Why the Cheapest Credit Card Processing May Cost You More
The cheapest credit card processing plan that offers a "discount rate" or "no surcharges" may sound attractive at first, but what's really going on with these card processing fees and services? Are they worth it? Often paying less upfront can mean paying even more in the future. Here's why the cheapest plans aren't always the best, especially for small businesses.
Merchant Account Fees Vary Widely
Merchant account fees are infamously difficult to discuss, because there are so many different classifications for them, and multiple types of fees, based on many factors, tend to apply to every transaction. Briefly, there are interchange fees and processing fees, which tend to both be a combination of a percentage of the transaction, as well as a flat amount per transaction. This is in addition to any contract expenses you may also have to pay.
These fees and their structures can be hidden from merchants, making them difficult to determine in a discount rate scenario. As a result, controlling these fees and noting if they rise or fall over time is almost impossible for the average business owner. What looks like a "discount rate" or good deal right now may prove to be nothing of the sort after a few months of transactions.
In addition to transaction fees that are typically fixed, the cheapest plan might become more expensive when you start adding up incidental fees. For example, know what other types of fees and charges you might encounter and over what periods. Are they monthly recurring fees? One-time fees? Do you have fees associated with contract changes or exit? Monthly minimums etc.?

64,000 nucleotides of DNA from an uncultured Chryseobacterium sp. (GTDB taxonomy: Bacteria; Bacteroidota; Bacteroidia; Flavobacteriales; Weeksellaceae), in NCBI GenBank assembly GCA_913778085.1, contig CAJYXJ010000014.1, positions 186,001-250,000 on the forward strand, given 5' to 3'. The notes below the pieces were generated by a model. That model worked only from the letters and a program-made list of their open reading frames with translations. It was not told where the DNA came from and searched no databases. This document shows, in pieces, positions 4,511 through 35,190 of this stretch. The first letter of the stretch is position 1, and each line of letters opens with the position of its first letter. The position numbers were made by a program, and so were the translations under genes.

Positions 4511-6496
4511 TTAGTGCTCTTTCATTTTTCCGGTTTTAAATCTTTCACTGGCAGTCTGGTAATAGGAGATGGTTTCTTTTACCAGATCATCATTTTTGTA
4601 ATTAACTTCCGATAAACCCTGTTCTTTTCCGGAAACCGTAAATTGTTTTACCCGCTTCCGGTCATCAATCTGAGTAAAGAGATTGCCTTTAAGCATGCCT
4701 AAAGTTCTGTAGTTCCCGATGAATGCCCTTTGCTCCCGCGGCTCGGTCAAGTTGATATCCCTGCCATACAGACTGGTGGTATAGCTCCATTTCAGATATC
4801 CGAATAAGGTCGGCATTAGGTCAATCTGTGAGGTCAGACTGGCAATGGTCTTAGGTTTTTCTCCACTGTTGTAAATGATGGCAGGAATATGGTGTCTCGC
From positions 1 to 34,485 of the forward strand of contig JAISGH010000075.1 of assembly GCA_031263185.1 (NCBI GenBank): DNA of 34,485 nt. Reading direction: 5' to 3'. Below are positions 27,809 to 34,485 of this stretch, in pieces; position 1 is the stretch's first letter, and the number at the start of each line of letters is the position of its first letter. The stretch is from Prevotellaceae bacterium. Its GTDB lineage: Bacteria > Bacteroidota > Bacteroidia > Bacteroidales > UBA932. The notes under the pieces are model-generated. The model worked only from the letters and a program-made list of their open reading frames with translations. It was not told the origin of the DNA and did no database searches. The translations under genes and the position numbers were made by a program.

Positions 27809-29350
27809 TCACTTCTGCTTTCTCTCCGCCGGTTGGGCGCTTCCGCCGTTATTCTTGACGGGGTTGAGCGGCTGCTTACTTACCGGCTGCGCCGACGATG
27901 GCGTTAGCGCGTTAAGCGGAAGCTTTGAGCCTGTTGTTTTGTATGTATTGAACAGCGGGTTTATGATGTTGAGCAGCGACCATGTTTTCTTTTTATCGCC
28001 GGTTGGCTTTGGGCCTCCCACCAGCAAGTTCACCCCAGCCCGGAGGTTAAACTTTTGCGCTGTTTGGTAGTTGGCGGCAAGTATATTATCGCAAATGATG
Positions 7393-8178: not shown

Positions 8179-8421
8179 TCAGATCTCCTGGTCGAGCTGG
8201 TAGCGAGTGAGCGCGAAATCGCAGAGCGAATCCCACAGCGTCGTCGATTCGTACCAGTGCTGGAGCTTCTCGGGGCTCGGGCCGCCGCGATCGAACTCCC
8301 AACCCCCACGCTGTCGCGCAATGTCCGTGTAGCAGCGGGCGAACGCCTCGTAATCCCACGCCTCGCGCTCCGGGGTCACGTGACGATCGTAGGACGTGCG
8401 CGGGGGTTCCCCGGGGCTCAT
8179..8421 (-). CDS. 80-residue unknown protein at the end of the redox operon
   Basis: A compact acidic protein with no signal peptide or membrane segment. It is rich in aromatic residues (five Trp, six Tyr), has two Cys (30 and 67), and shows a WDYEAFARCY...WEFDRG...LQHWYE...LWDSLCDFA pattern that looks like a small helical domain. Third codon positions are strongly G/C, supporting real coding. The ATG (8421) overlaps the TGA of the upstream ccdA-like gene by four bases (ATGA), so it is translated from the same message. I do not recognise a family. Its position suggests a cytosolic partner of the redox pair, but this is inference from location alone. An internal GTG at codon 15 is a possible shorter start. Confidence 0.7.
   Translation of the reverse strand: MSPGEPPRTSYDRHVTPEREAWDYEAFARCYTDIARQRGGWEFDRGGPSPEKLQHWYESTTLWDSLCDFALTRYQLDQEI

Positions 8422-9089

Consumer Buying Habits are Changing
With the proliferation of payment apps, mobile wallets, online accounts, and of course credit/debit cards, more and more consumers (especially younger generations) are ditching cash and checkbooks entirely to pay with their cards and their phones. While your goal should be to obtain as many customer payments as possible, from as many sources, different forms and modes of payment come with different costs, e.g. in-person transactions versus those so-called "card not present" transactions (like web payments or mail/phone order payments) are subject to different interchange rates. In addition to knowing if your "one low rate" covers a range of payment types, you also need to understand what payment types will be and if any come with additional expenses.
Don't Pay for Processing You Don't Need
Pay attention to the fine print. Get your provider to explain in detail what you're getting for the price stated. How are your customers paying? Debit or commercial card? Different cards come with different rates and your cheapest credit card processing might not be so cheap, if you're paying a bundled rate you may not always be receiving the benefit of optimum interchange rates.
Customer Service, Security and So Much More
Probably the biggest thing you need to know is that the cheapest credit card processing plans often are no frills. And in the world of payments today, the frills can be very important. For example, along with the terminal or POS system that you'll be using; are security solutions such as encryption available to you? Are your devices chip-enabled or ready to read those cards that now tout a microchip? Data security and fraud prevention are major considerations in any small business' plan to accept payments and you should know if these services are available to you and at what cost. In many instances, today, these data security and fraud prevention services are bundled and packaged specifically for small businesses—and often integrated directly with the payment processing—so that they're both approachable and affordable. In addition, what customer service is available to you and when? Will you be able to reach a representative during the hours your business operates?
Configuring payment processing for small business doesn't need to be difficult. Make sure you understand what you're getting for what you'll be paying. And, don't make the mistake of thinking that what appears to be the cheapest credit card processing available to you is the best or even the "cheapest". It often isn't.